Richard Telofski responds to our recently published article on capitalism and the ecological crisis.
Sometimes on the journey through an article, the reader will experience a nice trip. The author will escort the reader on a pleasant excursion, helping them to arrive at a destination, known as the author's point, that was well-developed by all the places visited along the way. But in other articles, the reader is not so fortunate. In those articles the reader never reaches the destination suggested by the places visited earlier in the journey. Through such an article, progress gets bumpy and the ‘wheels come off’ of the car employed for the trip, resulting in a crash on the highway of intellectualism and a failure to reach the implied destination. What am I talking about? An article that was recently published in Business Excellence magazine.
On April 24, 2012 Business Excellence published Capitalism and the ecological crisis, an article by Eve Chiapello, a professor at the HEC School of Management, Paris, France. In her article, Professor Chiapello seeks to make a point on how capitalism becomes “sustainable” by incorporating criticisms into the process of profit-making. Given that the word “sustainability” is currently a hot in the popular culture, her employment of this term is not only insightful but also strategic in that the usage of this terminology is likely to attract attention due to its topicality. After all, she did attract mine.
Professor Chiapello's insight is that the incorporation of criticisms, which she characterizes as “objections and attacks”, of capitalism are part of what keeps it going. She is absolutely correct. This is an insightful usage of the word “sustainable”. Given that capitalism is a system based on democracy, she is essentially equating the votes of the free market with criticism. The positive votes of the free market would be purchases, whereas the negative votes of the market could be defined as taking the form of customer complaints or perhaps the form of activist demands over certain corporate procedures. That is to say, these are precisely the “objections and attacks” that she says make capitalism stronger. Marketers call this “market feedback”. Businesses, and therefore capitalism at large, cannot survive without market feedback, without being responsive to the democratic input received from the system which they serve. Thus, criticism is essential to capitalism’s ability to sustain itself.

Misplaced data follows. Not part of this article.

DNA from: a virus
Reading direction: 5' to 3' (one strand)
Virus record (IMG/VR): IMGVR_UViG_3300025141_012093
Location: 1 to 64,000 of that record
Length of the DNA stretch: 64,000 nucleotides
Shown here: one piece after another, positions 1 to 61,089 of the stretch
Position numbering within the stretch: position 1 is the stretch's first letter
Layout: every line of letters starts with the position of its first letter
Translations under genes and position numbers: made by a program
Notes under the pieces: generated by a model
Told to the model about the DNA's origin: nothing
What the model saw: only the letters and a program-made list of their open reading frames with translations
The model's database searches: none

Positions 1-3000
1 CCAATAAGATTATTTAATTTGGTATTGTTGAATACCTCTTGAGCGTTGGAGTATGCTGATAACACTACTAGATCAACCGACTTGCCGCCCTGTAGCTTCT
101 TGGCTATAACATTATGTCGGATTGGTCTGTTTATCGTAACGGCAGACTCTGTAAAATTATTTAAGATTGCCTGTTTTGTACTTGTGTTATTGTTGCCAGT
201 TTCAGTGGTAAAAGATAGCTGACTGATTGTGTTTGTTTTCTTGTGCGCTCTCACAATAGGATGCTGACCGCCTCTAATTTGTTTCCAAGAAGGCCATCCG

The first part of Professor Chiapello's article is pretty interesting stuff. In taking me on the journey to her destination—her point that to be sustained, capitalism must respond to the entreatments of its constituency even if those entreatments are critical in nature—Professor Chiapello introduces four specific types of criticism that can contribute to the sustainability, or evolution, of capitalism. Those critical types are: conservative, social, artistic and ecological, with much of the concentration of this article being primarily on ecological criticism.Professor Chiapello defines ecological criticism as highlighting “the interdependence between generations and species as well as the irreversible effects of human activity on the planet”. Professor Chiapello also says about ecological criticism that it “rejects the idea of unlimited economic growth and questions the ability of the capitalist system to ensure the survival of humanity”.
Interesting stuff, indeed. And I'm in agreement with her up to the point where she moves from the theoretical to the practical. In this shift, Professor Chiapello recommends three ways that ecological criticisms can be integrated into the capitalist model. This transition, for me, is where the wheels come off the argument made in this article. The three ways that she recommends are: 1) “green capitalism”; 2) “the development of a solidarity-based local economy”, and; 3) the “strengthening of the state's ability to force capitalism to respect the environment”. If you've read my other articles here on Business Excellence Online, you already know what I'm going to say next. It's that third one that really irks me. And it really irks me mostly because it is inconsistent with the places I was taken earlier in the article, specifically the visit to the concept that criticism can improve capitalism. But I'll get to that in detail shortly. First, let's tackle ways one and two.